Crackdown on family trusts becomes law
The Labor proposal aims to limit the ability of families to minimise tax by splitting income
WHAT’S ON THE TABLE?
Labor is planning to tax distributions from trusts at a minimum rate of 30%. Currently distributions are taxed in the hands of the individuals who receive them at their marginal tax rate, which theoretically means they could be taxed at anything up to the top marginal rate of 47% plus the Medicare levy.
In reality, however, many people use trusts to minimise tax by directing trust income to non-earning or low-earning beneficiaries. This is why Labor argues that trusts give the wealthy (who presumably can pay accountants to set them up and run them) an unfair advantage over pay-as-you-earn workers who don’t have the option of directing their income to someone else.
HOW TRUSTS WORK
A trust is a legal entity set up to hold assets, usually within a family or extended family. So instead of buying a business or an investment portfolio in his own name, Fred Nerk might choose to set up a trust to own those assets.
A trust can be either fixed, which means the beneficiaries have a specific entitlement to trust assets and income, or discretionary, which means the trustee decides who benefits from trust assets. Because of their flexibility, most family trusts are structured as discretionary trusts.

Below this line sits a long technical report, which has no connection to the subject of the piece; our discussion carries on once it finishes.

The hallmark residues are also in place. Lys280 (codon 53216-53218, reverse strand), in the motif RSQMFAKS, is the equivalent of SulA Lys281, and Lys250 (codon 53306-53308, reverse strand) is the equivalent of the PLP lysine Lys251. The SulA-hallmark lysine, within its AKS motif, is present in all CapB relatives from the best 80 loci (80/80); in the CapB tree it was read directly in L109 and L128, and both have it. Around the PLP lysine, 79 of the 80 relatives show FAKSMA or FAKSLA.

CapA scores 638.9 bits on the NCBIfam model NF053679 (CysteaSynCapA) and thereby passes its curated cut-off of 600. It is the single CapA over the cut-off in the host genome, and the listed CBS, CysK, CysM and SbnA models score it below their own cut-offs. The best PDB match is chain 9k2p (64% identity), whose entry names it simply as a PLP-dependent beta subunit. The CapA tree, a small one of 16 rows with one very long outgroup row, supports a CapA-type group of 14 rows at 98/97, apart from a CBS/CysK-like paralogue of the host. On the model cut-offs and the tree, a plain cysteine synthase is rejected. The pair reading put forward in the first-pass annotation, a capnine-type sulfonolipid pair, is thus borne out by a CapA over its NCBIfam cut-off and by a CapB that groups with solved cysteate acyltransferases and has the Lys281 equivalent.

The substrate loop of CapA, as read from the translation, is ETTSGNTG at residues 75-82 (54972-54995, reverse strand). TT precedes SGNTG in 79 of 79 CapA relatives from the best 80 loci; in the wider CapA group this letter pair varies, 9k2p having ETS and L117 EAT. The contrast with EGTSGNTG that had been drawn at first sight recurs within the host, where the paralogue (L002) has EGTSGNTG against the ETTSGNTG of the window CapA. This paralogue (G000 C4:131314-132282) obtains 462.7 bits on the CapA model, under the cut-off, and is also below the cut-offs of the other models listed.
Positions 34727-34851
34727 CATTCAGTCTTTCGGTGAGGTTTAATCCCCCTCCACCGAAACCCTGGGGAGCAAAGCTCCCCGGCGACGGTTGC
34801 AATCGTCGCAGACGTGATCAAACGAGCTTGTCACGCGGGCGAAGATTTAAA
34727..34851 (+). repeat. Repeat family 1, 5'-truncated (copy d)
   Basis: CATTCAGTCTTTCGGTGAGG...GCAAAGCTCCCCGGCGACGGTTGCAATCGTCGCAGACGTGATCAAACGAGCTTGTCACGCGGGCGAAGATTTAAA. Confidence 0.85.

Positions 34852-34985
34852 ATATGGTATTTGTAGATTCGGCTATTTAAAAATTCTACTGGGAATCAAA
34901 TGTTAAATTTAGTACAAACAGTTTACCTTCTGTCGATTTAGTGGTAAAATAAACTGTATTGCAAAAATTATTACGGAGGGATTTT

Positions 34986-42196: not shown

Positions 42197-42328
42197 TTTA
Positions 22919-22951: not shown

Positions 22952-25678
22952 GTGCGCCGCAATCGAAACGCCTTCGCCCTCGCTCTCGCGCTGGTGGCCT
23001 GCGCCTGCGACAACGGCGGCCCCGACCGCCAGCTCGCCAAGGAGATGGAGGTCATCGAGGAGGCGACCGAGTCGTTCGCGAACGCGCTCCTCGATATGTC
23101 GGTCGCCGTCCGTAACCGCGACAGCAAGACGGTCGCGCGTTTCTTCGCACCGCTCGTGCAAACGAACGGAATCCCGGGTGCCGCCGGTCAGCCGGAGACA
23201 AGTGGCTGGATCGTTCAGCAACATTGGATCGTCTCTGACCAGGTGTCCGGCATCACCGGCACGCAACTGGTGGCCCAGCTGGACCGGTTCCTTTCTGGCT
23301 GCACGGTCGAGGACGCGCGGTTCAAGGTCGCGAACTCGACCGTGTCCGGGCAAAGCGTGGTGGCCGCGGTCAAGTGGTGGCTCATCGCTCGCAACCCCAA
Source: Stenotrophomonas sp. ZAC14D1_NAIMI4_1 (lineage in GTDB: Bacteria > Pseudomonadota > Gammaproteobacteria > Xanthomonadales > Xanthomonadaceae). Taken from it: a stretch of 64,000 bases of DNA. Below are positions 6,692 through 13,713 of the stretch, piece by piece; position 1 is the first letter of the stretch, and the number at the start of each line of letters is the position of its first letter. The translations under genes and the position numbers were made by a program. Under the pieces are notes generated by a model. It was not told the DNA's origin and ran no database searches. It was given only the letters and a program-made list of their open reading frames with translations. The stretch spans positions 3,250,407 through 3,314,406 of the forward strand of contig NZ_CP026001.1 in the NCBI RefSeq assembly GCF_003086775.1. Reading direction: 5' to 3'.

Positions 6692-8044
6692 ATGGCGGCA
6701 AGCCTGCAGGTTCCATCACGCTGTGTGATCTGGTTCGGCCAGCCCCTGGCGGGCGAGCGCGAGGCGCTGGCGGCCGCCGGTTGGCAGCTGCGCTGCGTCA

There are several advantages to this. First, if the trust is properly structured, Fred doesn’t own or control the assets, so they should be protected from his creditors if Fred should be bankrupted at some time in the future. They should also be protected from legal claims against Fred if he is sued for negligence.
But that’s not what has them in Labor’s sights. The trustee of a discretionary trust also has the ability to decide from year to year which beneficiaries will receive any income or capital distributed by the trust. So if Fred is on a big salary, he may receive no distributions from the trust. Instead, they may be distributed to lower tax paying family members such as Fred’s non-working wife, his retired father and his daughter, who is studying full time at university. All will pay much lower rates of tax than Fred would have if he had received the trust income.
If, later on, Fred retires but his daughter takes on the family business and earns more income, the trustee may decide to distribute the income to Fred and his wife to minimise the tax payable.
Note, however, that penalty tax rates